CPR Can Save a Woman's Life
Being a Woman Shouldn’t Be a Risk Factor
Despite tremendous improvement in CPR and first responder defibrillation, survival rates for women have not improved significantly.
A 2017 study* found that only 39% of women in cardiac arrest received CPR from strangers in public, compared with 45% of men, and that men's odds of surviving were 23% higher than women's.
A number of factors might explain these worse outcomes. Women who have a cardiac arrest tend to be older than men and live at home alone, with a lower chance of CPR being performed. Also, women are more likely than men to have diseases of the heart muscle known as cardiomyopathy, which can lead to heart rhythms that can’t be treated with defibrillation.
Women Receive Bystander CPR at a Lower Rate Than Men
Research shows bystanders are less likely to perform CPR on women than men. Experts say superficial anatomical differences may lead people to assume chest compressions must be performed differently on men and women, which is not true.
Bystanders may hesitate to perform CPR on a woman because of:
- Fear of potentially inappropriate touching or exposure
- Fear of being accused of sexual assault
- Fear of causing physical injury
- Poor recognition of women in cardiac arrest — specifically a perception that women are less likely to have heart problems, or may be overdramatizing or “faking” an incident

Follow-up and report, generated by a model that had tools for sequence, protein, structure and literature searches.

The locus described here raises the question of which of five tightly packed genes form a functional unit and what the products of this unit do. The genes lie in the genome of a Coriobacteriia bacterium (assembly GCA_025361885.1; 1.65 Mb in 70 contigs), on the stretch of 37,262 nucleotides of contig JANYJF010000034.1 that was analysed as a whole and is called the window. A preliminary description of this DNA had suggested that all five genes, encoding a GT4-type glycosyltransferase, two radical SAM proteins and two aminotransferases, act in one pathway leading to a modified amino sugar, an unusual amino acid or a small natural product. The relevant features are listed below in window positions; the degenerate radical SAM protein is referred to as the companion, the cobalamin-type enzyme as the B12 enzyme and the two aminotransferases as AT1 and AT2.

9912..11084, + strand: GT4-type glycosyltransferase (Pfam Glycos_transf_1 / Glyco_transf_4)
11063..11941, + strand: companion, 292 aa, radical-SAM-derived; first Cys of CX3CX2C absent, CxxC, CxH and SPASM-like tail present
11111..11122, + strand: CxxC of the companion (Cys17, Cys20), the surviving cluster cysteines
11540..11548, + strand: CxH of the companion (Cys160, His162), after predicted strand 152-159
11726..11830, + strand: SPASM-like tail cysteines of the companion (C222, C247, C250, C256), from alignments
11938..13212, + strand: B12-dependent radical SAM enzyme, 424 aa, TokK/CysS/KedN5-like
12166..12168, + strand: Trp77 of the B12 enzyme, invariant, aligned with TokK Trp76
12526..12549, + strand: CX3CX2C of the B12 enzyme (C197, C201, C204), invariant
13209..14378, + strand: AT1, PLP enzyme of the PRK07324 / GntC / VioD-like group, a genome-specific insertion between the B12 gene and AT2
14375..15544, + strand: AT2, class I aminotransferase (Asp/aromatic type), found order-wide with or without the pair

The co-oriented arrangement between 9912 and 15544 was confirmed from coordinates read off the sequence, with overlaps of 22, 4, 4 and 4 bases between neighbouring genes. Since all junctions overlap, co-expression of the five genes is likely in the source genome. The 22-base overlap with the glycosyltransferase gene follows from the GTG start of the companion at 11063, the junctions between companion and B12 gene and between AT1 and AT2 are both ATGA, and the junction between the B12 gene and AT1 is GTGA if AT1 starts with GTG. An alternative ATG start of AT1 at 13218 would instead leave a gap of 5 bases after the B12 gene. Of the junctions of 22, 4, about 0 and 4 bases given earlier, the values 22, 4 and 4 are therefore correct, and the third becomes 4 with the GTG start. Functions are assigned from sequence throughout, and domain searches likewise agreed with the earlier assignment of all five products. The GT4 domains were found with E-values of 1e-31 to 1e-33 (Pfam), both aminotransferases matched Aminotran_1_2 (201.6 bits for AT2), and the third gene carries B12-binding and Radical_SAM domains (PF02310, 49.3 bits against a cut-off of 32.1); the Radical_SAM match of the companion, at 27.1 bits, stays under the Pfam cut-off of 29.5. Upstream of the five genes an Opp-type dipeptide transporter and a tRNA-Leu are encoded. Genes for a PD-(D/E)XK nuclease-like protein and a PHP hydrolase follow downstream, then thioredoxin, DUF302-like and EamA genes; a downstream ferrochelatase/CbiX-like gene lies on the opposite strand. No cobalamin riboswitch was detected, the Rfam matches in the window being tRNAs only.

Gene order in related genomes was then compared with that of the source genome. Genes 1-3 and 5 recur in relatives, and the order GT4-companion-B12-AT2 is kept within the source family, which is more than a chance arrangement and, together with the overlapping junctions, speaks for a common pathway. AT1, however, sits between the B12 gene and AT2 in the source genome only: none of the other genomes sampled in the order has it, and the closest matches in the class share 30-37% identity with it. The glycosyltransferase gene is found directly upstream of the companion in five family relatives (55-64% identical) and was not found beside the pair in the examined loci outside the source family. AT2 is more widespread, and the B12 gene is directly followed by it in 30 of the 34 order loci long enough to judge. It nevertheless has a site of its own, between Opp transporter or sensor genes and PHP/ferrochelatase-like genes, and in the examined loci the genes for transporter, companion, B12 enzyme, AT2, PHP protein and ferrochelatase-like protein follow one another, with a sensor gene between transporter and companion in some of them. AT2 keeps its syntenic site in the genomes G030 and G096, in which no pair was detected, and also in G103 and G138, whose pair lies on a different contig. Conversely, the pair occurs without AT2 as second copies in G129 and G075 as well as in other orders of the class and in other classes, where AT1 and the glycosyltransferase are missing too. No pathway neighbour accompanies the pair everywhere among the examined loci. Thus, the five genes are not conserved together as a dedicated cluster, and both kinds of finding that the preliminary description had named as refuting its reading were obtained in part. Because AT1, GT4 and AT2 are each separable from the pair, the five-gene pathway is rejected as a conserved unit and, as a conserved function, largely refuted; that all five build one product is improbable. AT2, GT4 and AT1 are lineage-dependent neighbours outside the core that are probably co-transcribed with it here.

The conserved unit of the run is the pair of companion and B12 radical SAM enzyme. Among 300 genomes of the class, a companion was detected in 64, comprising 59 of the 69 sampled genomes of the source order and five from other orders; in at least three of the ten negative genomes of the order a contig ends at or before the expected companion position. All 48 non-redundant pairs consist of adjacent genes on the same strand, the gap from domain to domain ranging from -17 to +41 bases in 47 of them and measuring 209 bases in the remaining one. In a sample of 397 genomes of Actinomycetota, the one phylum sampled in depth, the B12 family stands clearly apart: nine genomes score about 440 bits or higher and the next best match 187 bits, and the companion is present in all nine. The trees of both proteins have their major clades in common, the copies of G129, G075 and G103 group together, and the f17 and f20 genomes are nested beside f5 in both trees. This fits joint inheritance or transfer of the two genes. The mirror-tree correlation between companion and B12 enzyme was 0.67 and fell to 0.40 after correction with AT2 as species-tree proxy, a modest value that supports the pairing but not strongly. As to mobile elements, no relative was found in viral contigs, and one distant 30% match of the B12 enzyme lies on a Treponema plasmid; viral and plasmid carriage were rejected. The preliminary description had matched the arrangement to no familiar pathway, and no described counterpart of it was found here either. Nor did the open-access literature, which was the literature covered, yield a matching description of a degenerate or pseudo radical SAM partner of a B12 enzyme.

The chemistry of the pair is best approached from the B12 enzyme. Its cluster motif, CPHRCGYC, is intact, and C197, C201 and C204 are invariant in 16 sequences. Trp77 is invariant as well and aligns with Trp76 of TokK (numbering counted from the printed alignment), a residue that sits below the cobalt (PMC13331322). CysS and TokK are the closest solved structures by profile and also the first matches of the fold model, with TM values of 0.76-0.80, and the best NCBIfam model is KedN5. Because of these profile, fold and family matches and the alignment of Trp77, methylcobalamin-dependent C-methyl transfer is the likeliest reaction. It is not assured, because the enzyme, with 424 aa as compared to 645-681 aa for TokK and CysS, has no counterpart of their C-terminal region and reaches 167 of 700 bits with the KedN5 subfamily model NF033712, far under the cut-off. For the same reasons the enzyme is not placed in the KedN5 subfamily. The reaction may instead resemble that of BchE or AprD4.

- The misconception that breasts make CPR more challenging
People may fear hurting a woman or ending up in a lawsuit based on those reasons. But the chances of injury from CPR are generally low, and legal action is unlikely because variations of Good Samaritan laws offer some protection in all 50 states.
How the AHA and Go Red for Women Are Closing Gaps in Bystander CPR
Go Red for Women is committed to closing the gender gap in bystander CPR and ensuring women receive CPR when they need it.
In fact, new science-based guidelines from the American Heart Association specifically highlight the gaps in women and communities of color receiving bystander CPR.
The guidelines recommend “bystander CPR training should target specific socioeconomic, racial, and ethnic communities who have historically exhibited lower rates of bystander CPR. CPR training should address gender-related barriers to improve rates of bystander CPR performed on women.”
Learn CPR and Be Ready to Save a Life
By learning CPR, you can be ready to save a life. Learn Hands-Only CPR in 60 seconds or less or sign up for a local CPR training.